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The Weight of the Door
July 27 - August 20

Using the bronze door handle from Notre-Dame du Haut as its source—La Corbusier’s chapel in Ronchamp, France—The Weight of the Door presents a series of objects that the artist describes as translations. This fragment of the chapel structure, isolated, removed its vitrine surround.The bronze form appears here as a series of distortions. Horizontal and vertical iterations of varying lengths and proportions that differ from the source. A series of bronzes presented not on plinths but directly on the gallery’s concrete floor, dispersed.


City of Tomorrow, Natalie Guy & Gavin Hipkins
June - October 2022
Tauranga Art Gallery

Auckland-based photography and moving image-artist Gavin Hipkins and sculptor Natalie Guy, who each contend with the early aspirations of modern architecture. Borrowing the title Le Corbusier’s early writings on repetition and order, together they unpack the famed architect’s zealous ideals for the makeup of the future city by contending with traces of his legacy.— Stephen Cleland

Translation in the Language of Sculpture

Doctoral Examination Exhibition
Elam School of Fine Arts
Auckland Univerity

To use Nicholas Bourriaud’s description of Translation, I practice translation by inserting myself into a cultural chain, referencing the original work and the response to it for a contemporary audience. The result, as Bourriaud describes, is the “radicant subject [appearing] as a construction or montage, in other words, as a work born of endless negotiation”. As a contemporary cultural critique, the artworks reference how modernism, although often disparaged as a post-script to colonialism, is intertwined with the local history of Aotearoa. The artwork oscillates between the references, favouring neither, leaving the viewer to connect them or create their own response.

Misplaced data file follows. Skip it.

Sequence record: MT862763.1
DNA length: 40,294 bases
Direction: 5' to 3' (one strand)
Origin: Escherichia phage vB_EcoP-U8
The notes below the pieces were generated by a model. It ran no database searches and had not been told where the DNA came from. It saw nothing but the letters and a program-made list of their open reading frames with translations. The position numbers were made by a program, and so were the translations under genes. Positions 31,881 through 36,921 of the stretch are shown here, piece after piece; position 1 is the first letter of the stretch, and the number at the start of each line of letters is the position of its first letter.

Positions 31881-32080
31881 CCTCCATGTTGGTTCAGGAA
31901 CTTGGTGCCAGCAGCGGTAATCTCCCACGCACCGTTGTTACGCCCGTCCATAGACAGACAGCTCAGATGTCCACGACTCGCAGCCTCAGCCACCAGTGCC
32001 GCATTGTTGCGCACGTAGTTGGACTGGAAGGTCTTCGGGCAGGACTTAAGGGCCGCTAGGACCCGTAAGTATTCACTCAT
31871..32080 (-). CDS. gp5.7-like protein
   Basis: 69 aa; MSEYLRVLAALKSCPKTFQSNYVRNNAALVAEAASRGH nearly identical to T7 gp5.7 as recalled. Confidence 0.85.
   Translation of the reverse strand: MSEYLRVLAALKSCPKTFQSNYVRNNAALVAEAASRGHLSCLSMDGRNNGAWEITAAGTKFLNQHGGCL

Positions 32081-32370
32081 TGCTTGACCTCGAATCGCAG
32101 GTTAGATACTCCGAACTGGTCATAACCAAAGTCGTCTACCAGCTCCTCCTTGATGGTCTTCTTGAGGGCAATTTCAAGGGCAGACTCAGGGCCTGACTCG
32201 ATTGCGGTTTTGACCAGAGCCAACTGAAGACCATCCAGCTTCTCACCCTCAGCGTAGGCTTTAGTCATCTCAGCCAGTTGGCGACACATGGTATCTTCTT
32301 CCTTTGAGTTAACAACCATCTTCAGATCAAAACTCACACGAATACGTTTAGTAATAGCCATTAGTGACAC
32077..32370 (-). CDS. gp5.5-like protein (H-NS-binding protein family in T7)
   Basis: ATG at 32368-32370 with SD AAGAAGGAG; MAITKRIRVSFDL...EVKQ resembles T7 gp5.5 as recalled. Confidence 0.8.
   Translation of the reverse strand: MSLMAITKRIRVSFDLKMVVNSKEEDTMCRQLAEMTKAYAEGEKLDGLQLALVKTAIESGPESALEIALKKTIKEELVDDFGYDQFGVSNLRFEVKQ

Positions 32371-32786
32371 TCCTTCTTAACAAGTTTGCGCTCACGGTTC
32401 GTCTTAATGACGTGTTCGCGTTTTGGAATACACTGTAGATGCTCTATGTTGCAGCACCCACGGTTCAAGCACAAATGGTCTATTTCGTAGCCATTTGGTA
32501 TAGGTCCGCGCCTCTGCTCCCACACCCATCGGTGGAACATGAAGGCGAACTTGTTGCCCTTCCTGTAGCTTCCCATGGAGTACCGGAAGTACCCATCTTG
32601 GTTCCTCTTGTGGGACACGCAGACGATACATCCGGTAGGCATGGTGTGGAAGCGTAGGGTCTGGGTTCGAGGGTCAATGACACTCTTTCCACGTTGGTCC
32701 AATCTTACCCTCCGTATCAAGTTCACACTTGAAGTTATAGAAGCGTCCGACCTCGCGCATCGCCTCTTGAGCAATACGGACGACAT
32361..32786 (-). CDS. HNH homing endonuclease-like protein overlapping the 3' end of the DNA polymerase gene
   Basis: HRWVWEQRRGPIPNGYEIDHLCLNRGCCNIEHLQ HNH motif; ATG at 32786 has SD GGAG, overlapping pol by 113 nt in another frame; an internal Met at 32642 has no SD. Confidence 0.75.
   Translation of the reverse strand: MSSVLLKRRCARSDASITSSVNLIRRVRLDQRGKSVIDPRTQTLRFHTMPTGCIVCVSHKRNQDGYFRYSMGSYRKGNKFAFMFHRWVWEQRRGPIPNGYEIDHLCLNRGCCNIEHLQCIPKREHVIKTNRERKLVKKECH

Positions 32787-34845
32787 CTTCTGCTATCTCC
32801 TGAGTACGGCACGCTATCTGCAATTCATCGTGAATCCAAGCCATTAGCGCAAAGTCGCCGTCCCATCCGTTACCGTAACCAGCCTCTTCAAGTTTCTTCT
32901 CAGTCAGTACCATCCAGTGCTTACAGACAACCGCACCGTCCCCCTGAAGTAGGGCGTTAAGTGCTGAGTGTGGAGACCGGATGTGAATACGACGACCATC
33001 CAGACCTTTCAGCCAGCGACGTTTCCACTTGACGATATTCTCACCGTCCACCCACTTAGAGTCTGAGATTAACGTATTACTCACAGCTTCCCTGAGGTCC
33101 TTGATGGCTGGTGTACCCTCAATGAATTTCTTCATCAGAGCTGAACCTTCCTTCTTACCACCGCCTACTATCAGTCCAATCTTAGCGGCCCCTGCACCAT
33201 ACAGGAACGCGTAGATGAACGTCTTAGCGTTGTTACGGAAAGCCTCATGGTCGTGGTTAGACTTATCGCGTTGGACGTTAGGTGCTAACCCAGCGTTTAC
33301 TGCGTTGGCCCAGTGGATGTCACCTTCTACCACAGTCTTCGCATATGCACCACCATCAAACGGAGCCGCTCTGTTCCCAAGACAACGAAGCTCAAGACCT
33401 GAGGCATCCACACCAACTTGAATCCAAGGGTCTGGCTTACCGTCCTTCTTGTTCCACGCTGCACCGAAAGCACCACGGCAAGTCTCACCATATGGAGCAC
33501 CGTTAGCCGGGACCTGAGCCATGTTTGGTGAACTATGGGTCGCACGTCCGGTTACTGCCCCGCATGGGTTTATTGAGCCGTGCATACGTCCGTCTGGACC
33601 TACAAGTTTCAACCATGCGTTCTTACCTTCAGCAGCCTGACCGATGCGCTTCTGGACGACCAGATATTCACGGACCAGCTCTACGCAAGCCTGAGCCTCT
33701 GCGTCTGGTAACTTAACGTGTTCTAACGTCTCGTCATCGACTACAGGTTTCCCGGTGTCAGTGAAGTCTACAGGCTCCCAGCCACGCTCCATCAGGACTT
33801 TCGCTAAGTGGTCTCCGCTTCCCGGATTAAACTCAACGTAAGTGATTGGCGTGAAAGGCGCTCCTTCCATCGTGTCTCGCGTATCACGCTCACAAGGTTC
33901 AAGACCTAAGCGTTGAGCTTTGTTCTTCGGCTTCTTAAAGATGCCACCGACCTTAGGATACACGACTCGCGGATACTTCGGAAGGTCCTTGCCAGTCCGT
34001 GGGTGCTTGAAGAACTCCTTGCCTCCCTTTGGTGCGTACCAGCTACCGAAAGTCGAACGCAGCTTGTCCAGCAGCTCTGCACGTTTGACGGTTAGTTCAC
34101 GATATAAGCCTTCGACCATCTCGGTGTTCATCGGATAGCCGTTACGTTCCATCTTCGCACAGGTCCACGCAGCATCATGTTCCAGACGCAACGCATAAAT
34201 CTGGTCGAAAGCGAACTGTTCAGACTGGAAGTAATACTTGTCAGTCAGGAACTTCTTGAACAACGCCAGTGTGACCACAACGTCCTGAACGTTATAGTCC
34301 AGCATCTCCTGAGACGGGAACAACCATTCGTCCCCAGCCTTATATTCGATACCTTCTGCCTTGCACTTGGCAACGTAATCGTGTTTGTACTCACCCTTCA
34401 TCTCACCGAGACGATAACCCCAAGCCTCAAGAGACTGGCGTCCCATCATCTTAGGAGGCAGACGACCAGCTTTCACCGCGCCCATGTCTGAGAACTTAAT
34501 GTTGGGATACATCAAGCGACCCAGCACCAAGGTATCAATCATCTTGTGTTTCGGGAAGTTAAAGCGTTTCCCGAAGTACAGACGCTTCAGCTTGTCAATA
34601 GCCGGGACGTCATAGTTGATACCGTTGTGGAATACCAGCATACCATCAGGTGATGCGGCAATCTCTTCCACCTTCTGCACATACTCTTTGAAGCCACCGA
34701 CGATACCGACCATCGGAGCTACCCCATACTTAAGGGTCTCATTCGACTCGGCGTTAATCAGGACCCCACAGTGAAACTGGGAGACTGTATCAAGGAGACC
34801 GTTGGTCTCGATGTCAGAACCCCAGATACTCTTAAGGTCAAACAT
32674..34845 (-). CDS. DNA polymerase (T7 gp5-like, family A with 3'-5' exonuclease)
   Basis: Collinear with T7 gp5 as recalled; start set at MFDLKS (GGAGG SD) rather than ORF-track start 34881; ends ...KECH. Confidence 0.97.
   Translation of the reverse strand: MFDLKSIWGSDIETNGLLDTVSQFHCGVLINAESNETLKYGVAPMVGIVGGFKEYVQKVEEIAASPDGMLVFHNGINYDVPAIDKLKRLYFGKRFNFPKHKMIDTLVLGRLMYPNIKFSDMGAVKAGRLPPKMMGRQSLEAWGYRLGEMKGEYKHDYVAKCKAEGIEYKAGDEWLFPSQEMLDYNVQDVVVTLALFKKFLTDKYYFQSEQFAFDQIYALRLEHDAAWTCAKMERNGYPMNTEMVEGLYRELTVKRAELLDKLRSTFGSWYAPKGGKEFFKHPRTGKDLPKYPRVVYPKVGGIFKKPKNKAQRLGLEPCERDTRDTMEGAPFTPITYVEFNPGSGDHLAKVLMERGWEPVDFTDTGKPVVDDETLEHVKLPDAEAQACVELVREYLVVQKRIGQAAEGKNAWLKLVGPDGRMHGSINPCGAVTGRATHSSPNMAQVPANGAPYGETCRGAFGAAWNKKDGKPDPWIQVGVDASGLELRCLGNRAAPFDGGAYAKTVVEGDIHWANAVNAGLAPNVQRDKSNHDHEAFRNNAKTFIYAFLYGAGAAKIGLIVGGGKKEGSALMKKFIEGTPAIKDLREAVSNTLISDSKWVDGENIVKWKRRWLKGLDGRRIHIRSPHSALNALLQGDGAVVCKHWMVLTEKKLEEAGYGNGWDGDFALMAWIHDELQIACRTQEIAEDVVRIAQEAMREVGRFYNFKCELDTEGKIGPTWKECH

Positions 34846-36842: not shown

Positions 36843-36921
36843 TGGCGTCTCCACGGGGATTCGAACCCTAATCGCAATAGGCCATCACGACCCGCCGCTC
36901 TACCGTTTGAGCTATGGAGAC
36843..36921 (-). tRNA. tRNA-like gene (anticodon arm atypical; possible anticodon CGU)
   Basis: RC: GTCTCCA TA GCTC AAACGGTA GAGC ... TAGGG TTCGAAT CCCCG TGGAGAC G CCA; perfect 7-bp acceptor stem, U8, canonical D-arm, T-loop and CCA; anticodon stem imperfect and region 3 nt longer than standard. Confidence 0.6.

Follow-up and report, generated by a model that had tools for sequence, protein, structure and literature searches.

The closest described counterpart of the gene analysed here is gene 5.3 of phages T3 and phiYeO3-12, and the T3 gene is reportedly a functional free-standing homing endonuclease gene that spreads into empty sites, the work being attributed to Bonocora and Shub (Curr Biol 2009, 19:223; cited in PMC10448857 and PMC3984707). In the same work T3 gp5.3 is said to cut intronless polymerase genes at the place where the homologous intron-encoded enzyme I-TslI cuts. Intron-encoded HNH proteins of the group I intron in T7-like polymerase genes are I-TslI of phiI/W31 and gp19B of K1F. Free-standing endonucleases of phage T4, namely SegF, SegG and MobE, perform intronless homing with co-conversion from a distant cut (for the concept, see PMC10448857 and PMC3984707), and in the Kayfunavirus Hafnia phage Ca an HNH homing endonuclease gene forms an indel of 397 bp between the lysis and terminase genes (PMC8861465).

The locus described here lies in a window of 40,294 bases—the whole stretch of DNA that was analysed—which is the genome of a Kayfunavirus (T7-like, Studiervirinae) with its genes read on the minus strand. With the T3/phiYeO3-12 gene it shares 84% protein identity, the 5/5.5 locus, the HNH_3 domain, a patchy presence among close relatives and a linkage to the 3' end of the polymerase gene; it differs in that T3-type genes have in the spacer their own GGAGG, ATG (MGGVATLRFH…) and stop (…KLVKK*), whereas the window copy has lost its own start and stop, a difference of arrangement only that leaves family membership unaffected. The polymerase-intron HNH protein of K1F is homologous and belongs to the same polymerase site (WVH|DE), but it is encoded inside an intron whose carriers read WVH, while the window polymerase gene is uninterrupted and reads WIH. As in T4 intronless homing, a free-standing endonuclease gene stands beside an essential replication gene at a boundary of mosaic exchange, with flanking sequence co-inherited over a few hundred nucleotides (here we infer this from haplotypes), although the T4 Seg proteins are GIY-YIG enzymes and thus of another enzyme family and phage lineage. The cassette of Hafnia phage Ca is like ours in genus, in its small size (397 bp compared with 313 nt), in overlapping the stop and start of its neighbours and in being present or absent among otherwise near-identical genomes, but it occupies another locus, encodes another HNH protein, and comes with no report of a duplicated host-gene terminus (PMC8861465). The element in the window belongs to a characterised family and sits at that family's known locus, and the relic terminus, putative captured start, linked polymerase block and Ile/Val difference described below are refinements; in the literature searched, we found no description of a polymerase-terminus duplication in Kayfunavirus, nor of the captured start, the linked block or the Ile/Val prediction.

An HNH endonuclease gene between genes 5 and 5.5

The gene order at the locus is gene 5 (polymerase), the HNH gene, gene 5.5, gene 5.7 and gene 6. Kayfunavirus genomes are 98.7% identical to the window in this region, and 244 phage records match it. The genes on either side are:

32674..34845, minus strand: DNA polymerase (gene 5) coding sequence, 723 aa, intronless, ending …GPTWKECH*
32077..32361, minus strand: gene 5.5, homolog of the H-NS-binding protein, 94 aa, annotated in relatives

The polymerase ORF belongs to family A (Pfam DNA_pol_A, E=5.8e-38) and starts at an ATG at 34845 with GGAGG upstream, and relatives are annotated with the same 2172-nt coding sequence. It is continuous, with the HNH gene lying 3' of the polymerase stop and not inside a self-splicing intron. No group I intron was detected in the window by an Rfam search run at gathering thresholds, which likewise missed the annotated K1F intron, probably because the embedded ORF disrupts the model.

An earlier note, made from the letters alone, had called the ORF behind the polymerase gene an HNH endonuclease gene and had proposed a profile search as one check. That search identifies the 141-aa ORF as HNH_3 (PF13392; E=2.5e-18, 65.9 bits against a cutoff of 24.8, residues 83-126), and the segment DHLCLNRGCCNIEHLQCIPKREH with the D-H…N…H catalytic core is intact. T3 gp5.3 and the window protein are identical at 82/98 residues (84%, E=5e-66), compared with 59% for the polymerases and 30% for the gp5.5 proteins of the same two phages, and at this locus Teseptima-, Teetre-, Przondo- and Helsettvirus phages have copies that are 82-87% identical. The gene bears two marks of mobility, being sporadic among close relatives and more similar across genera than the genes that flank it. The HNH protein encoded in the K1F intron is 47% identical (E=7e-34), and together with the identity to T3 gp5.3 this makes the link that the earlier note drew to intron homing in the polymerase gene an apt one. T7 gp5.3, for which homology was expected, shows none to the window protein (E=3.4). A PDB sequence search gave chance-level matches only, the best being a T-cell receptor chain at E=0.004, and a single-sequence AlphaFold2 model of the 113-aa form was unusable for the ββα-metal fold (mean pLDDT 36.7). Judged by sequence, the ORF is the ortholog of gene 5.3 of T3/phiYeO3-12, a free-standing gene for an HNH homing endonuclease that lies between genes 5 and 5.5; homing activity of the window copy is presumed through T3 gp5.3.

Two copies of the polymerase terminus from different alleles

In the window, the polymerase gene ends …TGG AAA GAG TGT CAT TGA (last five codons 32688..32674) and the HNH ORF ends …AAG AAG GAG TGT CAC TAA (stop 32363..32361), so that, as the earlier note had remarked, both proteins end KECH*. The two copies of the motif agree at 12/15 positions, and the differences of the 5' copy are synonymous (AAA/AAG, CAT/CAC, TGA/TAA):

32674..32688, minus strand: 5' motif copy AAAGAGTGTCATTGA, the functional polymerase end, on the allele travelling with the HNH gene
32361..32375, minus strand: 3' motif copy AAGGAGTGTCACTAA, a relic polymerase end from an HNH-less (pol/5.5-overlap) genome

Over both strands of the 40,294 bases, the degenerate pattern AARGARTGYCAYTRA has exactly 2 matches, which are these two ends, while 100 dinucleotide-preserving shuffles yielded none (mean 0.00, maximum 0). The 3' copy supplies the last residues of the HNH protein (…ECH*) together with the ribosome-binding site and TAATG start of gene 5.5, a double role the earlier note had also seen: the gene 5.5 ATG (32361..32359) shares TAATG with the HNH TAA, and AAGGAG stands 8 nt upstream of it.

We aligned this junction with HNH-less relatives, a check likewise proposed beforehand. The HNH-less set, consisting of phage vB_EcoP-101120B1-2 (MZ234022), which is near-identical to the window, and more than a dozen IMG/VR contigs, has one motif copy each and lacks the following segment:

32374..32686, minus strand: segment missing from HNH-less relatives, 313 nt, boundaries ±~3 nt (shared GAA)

Architecture is a vessel and a source of memory. It inhabits, consciously and subconsciously, our everyday lives and is, therefore, an evocative source of reference. Nevertheless, as George Steiner says, all language is unreliable; it is never naked but always inflected by intent and attenuated by the milieu in which it is uttered “we fragment in order to reconstruct desired alternatives, we select and elide”. In this shifting of cultural and semiotic cues, the sculptor publicly presents the translation, as Steiner suggests, not by saying what is but by saying what might be, by bringing about what “the eye and remembrance compose”. — Natalie Guy from Translation in the Languge of Sculpture

Steiner, George. After Babel: Aspects of Language and Translation. 3rd ed., Oxford UP, 1998.